The ball 19 forms a rounded working surface which can be utilized by the user to engage the hidden surface of the sheet metal workpiece. It will be understood, of course, that the formation of a ding, or small dent, in the sheet metal surface of an automotive vehicle usually occurs in such a manner that the outer exposed or visible surface of the sheet metal is dented, or depressed, so that a portion of the sheet metal material is actually deformed inwardly and projects out of level with the hidden side of the sheet metal. In order to repair such damage, it is necessary for the repair person to engage the damaged area and to deformably restore the dented area to a level flat condition. Dings, or small dents, can be manipulated by pressing or rubbing the working surface of the ball 19 against the protrusion and pressing it outwardly until flatness is restored.

In accordance with the present invention, instead of a mechanical pointer, the tool 10 is provided with a laser mechanism to generate a beam of visible light and to project the beam of light with great accuracy and with maximum visibility to produce a small dot or spot, so that the user may operate the tool with certainty as to the location of the working end 13 of the tool 10.

Referring further to FIG. 1, there is shown at 21 a laser support and base which is longitudinally adjustable along the length of the bar 12 and may be locked in selected adjusted axial positions by a lock 22. Extending uprightly from the support and base 21 is a post 23 to which is connected at its free end a swivel mount 24. The swivel mount 24 carries in adjustable assembly therewith a laser positioning rod 26 cooperating with a mounting device 27. In order to adjust the rod 26 both angularly and longitudinally, it is adjusted with the cooperation of the mounting device 27 and the swivel mount 24 and may be locked and secured in selected angular and longitudinally adjusted positions.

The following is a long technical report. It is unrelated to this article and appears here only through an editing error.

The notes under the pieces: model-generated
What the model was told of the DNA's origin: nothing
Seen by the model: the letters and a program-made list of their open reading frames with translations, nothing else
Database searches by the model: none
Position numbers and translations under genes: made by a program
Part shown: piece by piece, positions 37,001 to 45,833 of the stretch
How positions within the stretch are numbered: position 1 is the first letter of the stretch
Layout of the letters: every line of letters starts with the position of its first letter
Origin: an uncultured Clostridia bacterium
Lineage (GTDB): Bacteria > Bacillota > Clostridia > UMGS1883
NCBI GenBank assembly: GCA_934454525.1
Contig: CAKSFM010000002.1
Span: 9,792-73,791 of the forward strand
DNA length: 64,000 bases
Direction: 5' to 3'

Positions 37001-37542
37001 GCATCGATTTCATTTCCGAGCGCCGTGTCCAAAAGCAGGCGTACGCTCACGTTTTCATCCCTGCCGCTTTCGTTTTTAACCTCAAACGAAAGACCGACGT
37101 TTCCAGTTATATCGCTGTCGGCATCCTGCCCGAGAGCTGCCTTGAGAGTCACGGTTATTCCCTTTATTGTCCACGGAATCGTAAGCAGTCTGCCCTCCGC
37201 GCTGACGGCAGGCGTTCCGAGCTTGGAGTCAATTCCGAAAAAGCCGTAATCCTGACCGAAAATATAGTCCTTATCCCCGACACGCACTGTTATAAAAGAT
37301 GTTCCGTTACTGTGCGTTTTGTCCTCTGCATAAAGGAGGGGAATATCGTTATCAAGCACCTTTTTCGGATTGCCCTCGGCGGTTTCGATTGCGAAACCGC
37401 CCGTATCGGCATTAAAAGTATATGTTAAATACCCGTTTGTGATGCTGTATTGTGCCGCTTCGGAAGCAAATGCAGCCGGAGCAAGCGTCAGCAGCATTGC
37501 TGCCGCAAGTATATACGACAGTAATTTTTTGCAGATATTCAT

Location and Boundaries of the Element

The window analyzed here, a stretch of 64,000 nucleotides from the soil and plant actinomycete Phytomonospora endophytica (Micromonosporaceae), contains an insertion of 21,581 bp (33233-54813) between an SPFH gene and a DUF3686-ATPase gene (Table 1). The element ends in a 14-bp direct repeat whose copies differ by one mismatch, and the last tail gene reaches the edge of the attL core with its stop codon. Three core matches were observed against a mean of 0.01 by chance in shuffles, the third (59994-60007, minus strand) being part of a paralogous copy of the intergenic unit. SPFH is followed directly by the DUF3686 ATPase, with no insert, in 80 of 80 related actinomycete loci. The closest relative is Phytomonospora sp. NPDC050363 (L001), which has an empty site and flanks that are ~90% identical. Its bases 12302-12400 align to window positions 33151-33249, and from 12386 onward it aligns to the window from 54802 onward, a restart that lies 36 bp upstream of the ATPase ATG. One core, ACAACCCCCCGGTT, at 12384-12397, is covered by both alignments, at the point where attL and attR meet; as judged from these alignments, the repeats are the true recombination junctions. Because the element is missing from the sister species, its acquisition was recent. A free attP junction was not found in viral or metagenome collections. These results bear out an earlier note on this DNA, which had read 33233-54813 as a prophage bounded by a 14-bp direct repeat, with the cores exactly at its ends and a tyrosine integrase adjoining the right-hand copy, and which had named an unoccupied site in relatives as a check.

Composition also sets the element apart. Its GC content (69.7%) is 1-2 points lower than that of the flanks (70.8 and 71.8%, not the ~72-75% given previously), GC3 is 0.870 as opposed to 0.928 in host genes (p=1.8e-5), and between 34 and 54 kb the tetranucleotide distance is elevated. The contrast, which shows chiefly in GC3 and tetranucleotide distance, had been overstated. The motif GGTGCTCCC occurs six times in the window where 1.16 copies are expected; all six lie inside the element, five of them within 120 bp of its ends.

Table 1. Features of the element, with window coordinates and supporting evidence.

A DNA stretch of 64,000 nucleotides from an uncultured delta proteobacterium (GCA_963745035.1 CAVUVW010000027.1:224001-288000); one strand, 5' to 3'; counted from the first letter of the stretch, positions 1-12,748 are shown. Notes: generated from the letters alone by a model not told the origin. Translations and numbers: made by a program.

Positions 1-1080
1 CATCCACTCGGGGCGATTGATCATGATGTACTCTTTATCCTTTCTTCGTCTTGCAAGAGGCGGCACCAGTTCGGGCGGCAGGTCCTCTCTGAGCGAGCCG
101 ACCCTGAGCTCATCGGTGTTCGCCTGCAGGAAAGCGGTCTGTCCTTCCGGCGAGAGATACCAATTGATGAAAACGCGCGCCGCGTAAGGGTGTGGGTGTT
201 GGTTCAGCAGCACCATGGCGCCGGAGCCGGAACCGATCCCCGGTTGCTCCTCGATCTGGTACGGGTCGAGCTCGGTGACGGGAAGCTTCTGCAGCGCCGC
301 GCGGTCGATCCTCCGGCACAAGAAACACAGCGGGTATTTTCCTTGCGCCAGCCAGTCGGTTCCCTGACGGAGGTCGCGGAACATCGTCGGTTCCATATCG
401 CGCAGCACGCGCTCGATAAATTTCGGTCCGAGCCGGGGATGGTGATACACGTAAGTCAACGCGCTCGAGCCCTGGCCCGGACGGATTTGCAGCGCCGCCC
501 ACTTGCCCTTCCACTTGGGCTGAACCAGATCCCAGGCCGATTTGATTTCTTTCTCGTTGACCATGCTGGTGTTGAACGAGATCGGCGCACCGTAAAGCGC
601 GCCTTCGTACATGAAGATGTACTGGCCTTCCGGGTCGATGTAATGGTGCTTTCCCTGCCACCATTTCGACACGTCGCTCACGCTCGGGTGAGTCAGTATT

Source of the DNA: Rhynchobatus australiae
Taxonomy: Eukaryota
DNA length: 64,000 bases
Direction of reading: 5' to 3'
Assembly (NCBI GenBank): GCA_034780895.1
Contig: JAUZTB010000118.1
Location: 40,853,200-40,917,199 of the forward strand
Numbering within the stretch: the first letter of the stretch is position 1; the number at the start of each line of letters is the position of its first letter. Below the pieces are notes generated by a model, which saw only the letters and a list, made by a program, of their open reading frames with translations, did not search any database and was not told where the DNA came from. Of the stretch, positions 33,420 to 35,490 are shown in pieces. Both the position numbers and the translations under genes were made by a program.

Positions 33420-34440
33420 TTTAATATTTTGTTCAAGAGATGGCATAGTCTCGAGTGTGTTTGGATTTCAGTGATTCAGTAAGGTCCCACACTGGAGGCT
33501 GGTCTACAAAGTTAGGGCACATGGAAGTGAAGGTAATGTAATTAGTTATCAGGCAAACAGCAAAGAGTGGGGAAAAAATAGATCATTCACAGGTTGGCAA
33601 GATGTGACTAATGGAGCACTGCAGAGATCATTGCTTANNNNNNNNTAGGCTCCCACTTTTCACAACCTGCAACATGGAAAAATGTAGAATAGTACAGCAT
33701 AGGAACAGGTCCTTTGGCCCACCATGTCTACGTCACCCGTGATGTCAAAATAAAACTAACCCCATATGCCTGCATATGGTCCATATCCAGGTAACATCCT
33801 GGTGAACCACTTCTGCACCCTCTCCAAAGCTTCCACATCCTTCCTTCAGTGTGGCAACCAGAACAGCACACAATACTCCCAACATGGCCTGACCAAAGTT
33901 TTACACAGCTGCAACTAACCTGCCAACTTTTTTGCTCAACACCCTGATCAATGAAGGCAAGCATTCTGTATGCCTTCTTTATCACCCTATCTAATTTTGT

A laser holding clamp 30 is mounted on the end of the laser positioning rod 26 and carries a laser assembly 31 therein which may be locked in place by tightening a clamp lock 32.

The laser assembly includes a casing 33 carrying an on-off toggle type switch 34 at one end thereof. At its opposite end, the casing 33 has a barrel 36 enclosing a laser functioning as the emitting source of a laser beam and disposed to project light in the form of the beam 40 axially outwardly of the barrel 36 through a focusing lens 41. The lens 41 is externally screw threaded as at 42 and may be axially turned in and out of corresponding screw threads formed internally in the barrel 36 so that the focusing lens 41 may adjustably vary the focus of the laser beam 40.

With the adjustable focus provision, the size of the laser dot on the working surface of the sheet metal can be changed in diameter and the dot can be projected over wide range of focal distances from three (3) inches to sixty (60) inches.

In addition to the toggle switch 34, I have provided the combination of the toggle switch 34 and a pressure switch 44 wired so that both switches can turn the laser light source with the barrel 36 on or off. The pressure switch 44 has an actuator 46 located immediately adjacent the handle 11 of the tool 10 so that it is readily accessible to the user thereby permitting the user or operator to turn the laser on and off without having to take the hands off of the tool handle 11, or to touch the laser itself.

The casing 33 of the laser assembly 31 has a wiring conduit pig tail 47 connected to the wiring control circuit and has a connector 48 on the end thereof. A conductor 49 leads from the pressure switch 44 to the connector 48 and may be plugged into the connector 48 for mechanical and electrical connection therewith.

With the use of a laser beam, different colors may be employed since the production of a laser beam is independent of color. Thus, laser beams may be advantageously employed which are red, green, blue, purple or orange. In actual practice, I have successfully employed an orange colored beam having a wavelength of 635 NM. However, other light sources may be advantageously used without departing from the spirit of this invention.